Epidural Steroid Injection

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What is an Epidural Steroid Injection?

An epidural steroid injection is a non-surgical treatment option that may provide either short- or long-term relief of radiating neck and/or back pain.When spinal nerves become irritated or inflamed due to a degenerative condition in the spine that causes nerve compression, such as a herniated disc or spinal stenosis, it can result in severe acute or chronic neck pain. Additionally, this condition can cause pain, numbness, and muscle weakness that extends to other parts of the body, such as the hips, buttocks, or legs. Before your doctor considers spine surgery to relieve these symptoms, he or she will most likely recommend one or more non-surgical treatment measures. An epidural steroid injection is one of these options.

Epidural Steroid Injection

How does it work?

An epidural steroid injection involves delivering anti-inflammatory medication – typically a steroid combined with an anesthetic – directly into the area around the irritated spinal nerves that are causing the pain. This area is called the epidural space, and it surrounds the sheath-like protective membrane – or dura – that covers the spinal nerves and nerve roots. Steroids reduce nerve irritation by inhibiting production of the proteins that cause inflammation; the anesthetic blocks nerve conduction in the area where it’s applied, numbing the sensation of pain.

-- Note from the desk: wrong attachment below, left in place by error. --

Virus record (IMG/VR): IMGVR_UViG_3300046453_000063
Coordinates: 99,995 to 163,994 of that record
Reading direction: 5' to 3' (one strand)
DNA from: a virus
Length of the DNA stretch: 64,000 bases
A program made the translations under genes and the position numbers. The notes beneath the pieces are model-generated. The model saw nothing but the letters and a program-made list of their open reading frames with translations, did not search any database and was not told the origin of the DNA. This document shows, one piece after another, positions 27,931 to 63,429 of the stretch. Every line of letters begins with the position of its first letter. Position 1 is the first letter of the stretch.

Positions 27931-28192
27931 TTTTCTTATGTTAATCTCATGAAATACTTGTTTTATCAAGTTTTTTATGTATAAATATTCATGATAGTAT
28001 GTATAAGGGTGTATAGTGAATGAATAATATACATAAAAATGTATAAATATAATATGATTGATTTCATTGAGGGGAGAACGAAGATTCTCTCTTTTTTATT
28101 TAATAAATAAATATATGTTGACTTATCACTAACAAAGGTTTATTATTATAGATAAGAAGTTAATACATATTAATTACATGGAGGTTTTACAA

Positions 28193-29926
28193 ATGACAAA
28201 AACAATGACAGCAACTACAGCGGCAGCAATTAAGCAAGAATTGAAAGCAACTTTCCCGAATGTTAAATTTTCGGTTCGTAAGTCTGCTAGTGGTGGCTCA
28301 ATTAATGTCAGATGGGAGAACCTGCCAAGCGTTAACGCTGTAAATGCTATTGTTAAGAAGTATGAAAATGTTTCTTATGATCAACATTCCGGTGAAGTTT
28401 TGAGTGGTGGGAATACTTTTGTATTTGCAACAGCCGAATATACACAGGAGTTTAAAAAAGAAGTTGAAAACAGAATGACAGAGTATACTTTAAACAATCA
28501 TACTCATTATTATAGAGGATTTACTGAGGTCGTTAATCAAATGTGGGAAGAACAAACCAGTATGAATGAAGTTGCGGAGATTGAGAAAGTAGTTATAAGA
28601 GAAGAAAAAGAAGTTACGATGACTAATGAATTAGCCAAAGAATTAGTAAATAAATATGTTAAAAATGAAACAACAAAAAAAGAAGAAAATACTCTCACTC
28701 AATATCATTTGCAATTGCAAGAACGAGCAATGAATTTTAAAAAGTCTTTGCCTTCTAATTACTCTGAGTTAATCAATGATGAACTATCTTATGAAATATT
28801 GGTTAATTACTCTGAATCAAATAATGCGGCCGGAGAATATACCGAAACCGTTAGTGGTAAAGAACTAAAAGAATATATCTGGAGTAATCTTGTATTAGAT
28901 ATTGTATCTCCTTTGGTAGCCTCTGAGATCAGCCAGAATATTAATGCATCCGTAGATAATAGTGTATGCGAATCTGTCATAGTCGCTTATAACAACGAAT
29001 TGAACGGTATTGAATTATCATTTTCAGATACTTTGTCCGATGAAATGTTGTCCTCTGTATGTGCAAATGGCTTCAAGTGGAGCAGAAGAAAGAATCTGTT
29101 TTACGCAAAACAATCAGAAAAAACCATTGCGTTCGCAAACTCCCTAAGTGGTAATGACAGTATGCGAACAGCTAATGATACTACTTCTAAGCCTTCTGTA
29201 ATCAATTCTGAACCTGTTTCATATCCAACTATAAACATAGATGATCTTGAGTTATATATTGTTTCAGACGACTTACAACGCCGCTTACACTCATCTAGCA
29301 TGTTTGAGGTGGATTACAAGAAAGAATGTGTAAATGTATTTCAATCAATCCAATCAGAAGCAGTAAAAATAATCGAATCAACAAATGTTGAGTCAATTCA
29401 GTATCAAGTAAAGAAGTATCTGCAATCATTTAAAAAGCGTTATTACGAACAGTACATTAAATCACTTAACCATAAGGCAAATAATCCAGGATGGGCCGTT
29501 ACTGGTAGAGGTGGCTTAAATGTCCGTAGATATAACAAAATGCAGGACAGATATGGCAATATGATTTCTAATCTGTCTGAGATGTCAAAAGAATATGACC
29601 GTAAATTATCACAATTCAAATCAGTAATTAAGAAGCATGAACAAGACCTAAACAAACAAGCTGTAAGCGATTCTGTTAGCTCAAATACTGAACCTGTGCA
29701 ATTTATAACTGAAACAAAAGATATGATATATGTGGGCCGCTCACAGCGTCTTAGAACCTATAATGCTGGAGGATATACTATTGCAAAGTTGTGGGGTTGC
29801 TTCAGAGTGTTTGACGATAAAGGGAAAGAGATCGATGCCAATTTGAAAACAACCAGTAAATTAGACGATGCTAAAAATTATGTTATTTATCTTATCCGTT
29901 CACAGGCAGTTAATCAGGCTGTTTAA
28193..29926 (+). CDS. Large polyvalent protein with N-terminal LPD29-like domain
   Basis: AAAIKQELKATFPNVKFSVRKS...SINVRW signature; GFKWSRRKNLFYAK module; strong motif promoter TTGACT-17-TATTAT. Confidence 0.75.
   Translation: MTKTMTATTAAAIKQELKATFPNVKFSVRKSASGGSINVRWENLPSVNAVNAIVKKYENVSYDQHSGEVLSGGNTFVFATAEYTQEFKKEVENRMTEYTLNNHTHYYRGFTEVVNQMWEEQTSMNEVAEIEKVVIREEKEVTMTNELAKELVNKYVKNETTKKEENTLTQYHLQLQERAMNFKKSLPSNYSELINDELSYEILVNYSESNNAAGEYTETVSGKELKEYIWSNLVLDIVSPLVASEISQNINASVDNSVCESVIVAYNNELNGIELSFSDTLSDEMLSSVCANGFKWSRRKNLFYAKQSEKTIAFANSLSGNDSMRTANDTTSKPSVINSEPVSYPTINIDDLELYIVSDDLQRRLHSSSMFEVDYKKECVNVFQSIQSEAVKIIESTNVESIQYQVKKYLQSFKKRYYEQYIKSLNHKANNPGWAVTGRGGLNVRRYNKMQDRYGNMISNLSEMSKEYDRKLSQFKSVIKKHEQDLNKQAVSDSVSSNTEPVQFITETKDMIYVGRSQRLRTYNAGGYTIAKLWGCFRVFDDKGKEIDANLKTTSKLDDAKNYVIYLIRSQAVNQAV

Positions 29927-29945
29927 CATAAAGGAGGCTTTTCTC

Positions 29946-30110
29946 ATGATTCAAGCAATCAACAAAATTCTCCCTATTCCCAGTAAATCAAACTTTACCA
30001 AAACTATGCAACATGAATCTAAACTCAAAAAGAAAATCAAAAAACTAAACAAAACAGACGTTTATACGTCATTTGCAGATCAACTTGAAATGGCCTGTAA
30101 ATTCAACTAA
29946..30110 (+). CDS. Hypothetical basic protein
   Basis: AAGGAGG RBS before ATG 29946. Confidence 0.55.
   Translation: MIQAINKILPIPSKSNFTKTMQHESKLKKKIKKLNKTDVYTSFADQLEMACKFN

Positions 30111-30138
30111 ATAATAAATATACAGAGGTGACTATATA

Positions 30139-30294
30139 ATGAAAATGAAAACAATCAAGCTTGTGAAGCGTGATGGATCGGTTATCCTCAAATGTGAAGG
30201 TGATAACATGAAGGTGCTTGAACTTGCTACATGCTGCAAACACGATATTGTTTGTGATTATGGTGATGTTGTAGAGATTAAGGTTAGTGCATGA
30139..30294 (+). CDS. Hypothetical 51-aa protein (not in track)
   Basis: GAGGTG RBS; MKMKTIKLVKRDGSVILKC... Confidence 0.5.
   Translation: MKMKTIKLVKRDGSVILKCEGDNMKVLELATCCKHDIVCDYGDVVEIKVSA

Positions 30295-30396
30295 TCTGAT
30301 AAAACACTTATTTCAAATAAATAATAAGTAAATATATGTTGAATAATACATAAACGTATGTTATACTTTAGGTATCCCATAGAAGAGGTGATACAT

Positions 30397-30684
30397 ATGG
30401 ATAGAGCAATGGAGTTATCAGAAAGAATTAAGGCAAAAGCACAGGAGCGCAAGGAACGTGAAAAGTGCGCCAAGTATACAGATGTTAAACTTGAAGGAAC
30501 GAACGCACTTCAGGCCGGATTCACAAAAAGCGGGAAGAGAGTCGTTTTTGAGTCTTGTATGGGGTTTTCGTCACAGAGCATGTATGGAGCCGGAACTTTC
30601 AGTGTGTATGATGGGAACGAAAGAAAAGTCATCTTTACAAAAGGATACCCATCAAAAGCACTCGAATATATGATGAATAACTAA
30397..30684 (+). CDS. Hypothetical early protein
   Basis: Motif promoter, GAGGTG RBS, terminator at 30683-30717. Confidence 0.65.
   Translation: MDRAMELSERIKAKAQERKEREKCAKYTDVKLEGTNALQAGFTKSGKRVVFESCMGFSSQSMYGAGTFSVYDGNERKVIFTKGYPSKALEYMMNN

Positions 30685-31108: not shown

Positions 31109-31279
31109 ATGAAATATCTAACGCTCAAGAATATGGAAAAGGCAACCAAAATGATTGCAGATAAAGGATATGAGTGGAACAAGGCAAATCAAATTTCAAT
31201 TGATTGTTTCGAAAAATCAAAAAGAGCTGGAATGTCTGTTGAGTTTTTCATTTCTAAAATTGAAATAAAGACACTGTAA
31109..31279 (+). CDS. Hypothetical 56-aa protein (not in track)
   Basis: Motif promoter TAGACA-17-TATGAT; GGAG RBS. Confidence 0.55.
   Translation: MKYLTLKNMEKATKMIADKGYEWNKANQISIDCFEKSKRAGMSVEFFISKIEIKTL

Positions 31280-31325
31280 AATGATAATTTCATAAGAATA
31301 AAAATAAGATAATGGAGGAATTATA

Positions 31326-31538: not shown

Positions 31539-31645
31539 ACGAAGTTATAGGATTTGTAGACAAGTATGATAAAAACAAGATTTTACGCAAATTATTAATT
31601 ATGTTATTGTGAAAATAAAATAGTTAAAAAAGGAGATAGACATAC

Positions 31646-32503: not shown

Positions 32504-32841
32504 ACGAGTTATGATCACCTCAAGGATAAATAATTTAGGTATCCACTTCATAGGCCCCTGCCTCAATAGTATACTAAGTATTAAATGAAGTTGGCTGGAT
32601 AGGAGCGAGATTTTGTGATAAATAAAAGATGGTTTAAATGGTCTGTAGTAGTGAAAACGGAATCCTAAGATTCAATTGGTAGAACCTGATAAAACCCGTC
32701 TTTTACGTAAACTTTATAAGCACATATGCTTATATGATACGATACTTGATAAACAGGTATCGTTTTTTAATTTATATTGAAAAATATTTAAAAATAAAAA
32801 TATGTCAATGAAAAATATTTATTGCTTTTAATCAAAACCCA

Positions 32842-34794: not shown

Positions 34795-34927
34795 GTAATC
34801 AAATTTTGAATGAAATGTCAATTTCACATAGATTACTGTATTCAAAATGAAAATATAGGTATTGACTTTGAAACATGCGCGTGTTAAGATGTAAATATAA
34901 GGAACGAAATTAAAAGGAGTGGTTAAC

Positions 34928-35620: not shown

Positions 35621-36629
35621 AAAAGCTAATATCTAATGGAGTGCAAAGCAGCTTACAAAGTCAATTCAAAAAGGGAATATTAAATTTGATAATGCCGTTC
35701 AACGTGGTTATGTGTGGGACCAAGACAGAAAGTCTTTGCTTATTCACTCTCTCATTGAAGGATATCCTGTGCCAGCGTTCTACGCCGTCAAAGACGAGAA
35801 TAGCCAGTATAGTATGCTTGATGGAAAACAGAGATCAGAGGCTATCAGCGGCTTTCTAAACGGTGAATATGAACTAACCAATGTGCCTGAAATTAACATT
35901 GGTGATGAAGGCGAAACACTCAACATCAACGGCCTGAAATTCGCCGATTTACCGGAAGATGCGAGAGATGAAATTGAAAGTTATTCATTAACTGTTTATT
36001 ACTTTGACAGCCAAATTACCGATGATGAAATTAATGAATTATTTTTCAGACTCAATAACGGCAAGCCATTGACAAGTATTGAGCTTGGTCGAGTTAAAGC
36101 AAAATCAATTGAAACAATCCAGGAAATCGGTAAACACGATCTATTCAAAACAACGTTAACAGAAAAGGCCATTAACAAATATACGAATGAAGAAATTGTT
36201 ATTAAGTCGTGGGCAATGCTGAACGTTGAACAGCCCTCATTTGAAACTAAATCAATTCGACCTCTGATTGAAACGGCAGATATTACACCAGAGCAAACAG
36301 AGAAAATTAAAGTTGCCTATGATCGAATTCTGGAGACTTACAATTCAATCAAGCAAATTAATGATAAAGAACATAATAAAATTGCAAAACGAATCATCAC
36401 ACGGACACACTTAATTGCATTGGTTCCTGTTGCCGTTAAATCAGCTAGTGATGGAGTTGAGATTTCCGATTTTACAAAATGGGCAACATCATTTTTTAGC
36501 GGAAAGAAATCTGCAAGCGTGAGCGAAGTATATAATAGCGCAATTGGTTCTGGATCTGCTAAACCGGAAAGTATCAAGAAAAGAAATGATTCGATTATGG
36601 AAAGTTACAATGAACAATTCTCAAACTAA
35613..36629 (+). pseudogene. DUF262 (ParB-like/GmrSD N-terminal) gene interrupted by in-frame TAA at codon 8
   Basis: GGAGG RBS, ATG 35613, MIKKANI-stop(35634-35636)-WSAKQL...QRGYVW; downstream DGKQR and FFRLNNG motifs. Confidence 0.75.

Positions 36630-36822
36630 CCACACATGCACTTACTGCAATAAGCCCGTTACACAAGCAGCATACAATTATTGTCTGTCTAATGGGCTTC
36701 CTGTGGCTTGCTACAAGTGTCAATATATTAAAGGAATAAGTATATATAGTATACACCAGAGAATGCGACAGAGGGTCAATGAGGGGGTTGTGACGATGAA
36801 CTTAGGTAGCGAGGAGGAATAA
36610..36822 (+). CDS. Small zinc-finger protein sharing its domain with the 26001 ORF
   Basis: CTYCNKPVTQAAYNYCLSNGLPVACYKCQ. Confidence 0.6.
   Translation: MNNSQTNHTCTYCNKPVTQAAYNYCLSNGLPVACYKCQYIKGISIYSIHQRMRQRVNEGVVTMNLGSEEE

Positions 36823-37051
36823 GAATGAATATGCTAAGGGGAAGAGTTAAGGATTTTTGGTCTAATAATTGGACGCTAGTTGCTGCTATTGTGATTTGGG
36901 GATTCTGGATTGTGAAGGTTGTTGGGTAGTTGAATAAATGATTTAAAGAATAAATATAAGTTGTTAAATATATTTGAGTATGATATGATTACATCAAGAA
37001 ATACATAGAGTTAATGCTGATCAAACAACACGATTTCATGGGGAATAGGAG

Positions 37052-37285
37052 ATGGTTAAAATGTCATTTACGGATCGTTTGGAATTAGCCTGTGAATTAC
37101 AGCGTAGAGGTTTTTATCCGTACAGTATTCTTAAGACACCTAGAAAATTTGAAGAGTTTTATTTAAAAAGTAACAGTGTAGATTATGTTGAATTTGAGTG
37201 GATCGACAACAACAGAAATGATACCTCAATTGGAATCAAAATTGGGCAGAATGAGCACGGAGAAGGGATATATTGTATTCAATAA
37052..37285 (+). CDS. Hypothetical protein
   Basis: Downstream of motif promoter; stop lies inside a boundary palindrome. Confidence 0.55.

An Epidural Spinal Injection may be done either for diagnostic or therapeutic reasons:

• By injecting medication around a specific nerve root, your doctor can determine if that particular nerve root is the cause of the problem.
• When administered for therapeutic reasons, a spinal epidural injection may provide long- or short-term relief, anywhere from a week to several months. In some instances, an epidural spinal injection may break the cycle of inflammation and provide permanent relief.

It’s important to note, however, that an epidural spinal injection is typically not considered a “cure” for symptoms associated with spinal compression. Rather, it’s a treatment “tool” that a doctor can use to help ease a patient’s pain and discomfort. This is done while the underlying cause of the problem is being addressed through a rehabilitative program such as physical therapy or while the patient is considering his or her surgical treatment options.

To gain a better understanding of the medical procedures, we invite you to watch these informative videos showcasing the processes: